Have anyone done the following: Buy property with cash, refi through the delayed financing program (Fannie's) with followed quitclaim to LLC?
The reason I am asking is because the "Due on Sale Cl" is a notorious thing to discuss. BUT I was just offered exactly this scenario by an LO and was curious because he did that openly and upfront (I have an email from him saying this). That surprised me so I researched further and came across this =>> https://www.fanniemae.com/content/guide/servicing/d1/4.1/02.html
So, does that (LO's suggestion + this allowable exemption) mean that some lenders see quitclaim to LLC a legit thing to do now?
P.S. I will be sure to ask the LO on Monday as well
If you read the conditions, the proposed transfer cannot violate the terms of the deed of trust... the 12 month occupancy as primary residence requirement is specifically mentioned.
Further, the validity of transfers such as this require that the lender be given notice and the opportunity to review and approve the proposed transaction... which approximately 0% of BP users are doing.
I hate to disagree here, but the lender is not required to be given notice. You cant change the occupancy, but if you financed the property as a non-owner occupied, you can transfer it to an LLC that the borrowers are the majority members of and that's what their rule was written for. Its up to the lender after they find out that this has been done (typically a change of insurance notice that they received) to notify the borrower, that in order to refinance, they will have to revert title back to themselves on a personal basis.
This was done by Fannie because investors were doing this and they wanted to accommodate them with a rule change. It was widely expected that Freddie would follow suit, but as of yet they haven't?
Kevin Romines, thank you for responding! I asked this question because LO, whom I contacted, upfront and openly suggested that I move title to LLC after we are done with the refi. So I wondered if there were investors out there who have spotted lenders that accepted the "LLC" exception on a policy level.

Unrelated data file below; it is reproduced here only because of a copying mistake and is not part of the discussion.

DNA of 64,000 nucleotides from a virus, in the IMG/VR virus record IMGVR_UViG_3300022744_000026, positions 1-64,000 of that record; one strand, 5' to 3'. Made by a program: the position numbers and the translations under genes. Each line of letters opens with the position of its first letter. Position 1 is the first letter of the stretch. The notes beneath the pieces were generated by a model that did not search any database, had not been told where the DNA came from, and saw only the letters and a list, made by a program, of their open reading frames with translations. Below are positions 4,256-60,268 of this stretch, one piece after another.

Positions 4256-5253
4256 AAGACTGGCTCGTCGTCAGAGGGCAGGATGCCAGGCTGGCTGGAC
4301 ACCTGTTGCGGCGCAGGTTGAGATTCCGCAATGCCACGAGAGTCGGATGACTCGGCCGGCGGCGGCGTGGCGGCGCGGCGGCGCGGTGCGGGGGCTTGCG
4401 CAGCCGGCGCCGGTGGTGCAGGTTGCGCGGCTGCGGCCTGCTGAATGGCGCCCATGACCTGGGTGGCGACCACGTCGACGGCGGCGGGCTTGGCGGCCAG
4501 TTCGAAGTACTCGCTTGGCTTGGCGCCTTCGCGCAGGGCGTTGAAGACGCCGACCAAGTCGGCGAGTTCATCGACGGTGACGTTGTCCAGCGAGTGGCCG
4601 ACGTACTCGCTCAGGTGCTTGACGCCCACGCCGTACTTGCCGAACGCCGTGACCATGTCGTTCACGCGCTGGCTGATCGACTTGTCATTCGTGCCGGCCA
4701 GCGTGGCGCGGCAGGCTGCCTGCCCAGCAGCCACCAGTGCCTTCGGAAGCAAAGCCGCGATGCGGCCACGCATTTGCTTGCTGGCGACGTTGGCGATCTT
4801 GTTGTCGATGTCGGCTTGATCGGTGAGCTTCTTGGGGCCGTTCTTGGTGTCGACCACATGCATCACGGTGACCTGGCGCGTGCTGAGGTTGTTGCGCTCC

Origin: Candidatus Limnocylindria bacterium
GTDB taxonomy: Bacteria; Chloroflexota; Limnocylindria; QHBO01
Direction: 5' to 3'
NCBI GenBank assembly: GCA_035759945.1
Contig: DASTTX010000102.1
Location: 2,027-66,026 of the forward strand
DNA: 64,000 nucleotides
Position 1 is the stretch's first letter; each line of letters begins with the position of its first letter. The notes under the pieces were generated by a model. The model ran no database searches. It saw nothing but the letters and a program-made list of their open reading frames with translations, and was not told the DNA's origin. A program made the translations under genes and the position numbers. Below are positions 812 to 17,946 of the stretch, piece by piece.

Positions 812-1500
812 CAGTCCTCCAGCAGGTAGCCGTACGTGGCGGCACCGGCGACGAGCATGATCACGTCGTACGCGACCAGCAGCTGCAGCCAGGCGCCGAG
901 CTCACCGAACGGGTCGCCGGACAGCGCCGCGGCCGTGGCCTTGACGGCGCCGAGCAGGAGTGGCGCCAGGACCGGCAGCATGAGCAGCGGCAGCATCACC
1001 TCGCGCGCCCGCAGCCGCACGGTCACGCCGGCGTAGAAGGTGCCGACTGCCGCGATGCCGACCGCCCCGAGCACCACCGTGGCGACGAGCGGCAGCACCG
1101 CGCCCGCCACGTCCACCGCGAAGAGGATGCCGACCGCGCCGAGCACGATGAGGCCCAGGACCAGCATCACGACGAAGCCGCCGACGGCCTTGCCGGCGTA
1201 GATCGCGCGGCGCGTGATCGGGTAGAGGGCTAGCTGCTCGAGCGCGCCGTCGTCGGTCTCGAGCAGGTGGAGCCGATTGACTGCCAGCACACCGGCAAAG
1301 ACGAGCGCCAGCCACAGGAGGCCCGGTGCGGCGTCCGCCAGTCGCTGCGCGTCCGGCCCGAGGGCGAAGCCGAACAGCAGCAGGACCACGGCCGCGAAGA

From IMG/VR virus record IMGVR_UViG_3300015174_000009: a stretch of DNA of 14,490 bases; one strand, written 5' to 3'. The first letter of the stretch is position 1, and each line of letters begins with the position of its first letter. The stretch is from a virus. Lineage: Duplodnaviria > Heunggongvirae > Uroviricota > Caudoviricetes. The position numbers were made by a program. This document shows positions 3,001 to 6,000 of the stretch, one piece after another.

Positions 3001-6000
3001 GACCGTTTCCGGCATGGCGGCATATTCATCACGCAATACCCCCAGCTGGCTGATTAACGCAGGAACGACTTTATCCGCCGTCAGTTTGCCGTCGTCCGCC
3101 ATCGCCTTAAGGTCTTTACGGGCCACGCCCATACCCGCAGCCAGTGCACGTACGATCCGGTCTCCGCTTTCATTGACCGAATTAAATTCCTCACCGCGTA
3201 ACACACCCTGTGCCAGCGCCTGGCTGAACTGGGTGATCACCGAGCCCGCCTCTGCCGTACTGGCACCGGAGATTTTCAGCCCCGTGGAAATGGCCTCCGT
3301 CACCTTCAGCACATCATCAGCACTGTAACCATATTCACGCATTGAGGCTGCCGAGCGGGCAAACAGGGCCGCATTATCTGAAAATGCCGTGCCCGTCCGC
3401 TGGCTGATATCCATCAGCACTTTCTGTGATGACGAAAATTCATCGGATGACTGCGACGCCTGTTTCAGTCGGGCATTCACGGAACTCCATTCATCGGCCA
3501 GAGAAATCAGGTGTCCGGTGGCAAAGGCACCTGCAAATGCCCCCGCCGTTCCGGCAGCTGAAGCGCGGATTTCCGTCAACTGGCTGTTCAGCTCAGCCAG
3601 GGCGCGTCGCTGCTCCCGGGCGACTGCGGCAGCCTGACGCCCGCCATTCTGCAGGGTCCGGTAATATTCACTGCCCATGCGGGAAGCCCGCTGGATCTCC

I think it's only Fannie so far and not Freddie.
Tom Gomer, the 12 month occupancy as primary residence requirement is mentioned in brackets as an example of a possible event that violates the purpose of the loan. In my case, I was discussing a non-owner occupied scenario with the LO so in my case this particular example would not trigger a breach.
@Kevin Romines You're right... I read that provision wrong.
Most on here are buying owner occ for the rate, then transferring to their entity.
@Tom Gimer Yeah, I know of many that do that as a way to protect their personal assets. But any LLC can be pierced by a good attorney that is hell bent on piercing the corporate veil. Just financing the property in your personal name and then moving it into your LLC, can be viewed as piercing the corporate veil.
The better protection is a max. sized liability policy followed by a properly sized umbrella policy. Plus the insurance company has to pay all defense costs. So the insurance would be willing to settle rather than paying out the max. of the policy limits, but that is also good for the landlord.
There are portfolio loan for those that want the loan and title in the name of the LLC. Some require personal guarantees others don't.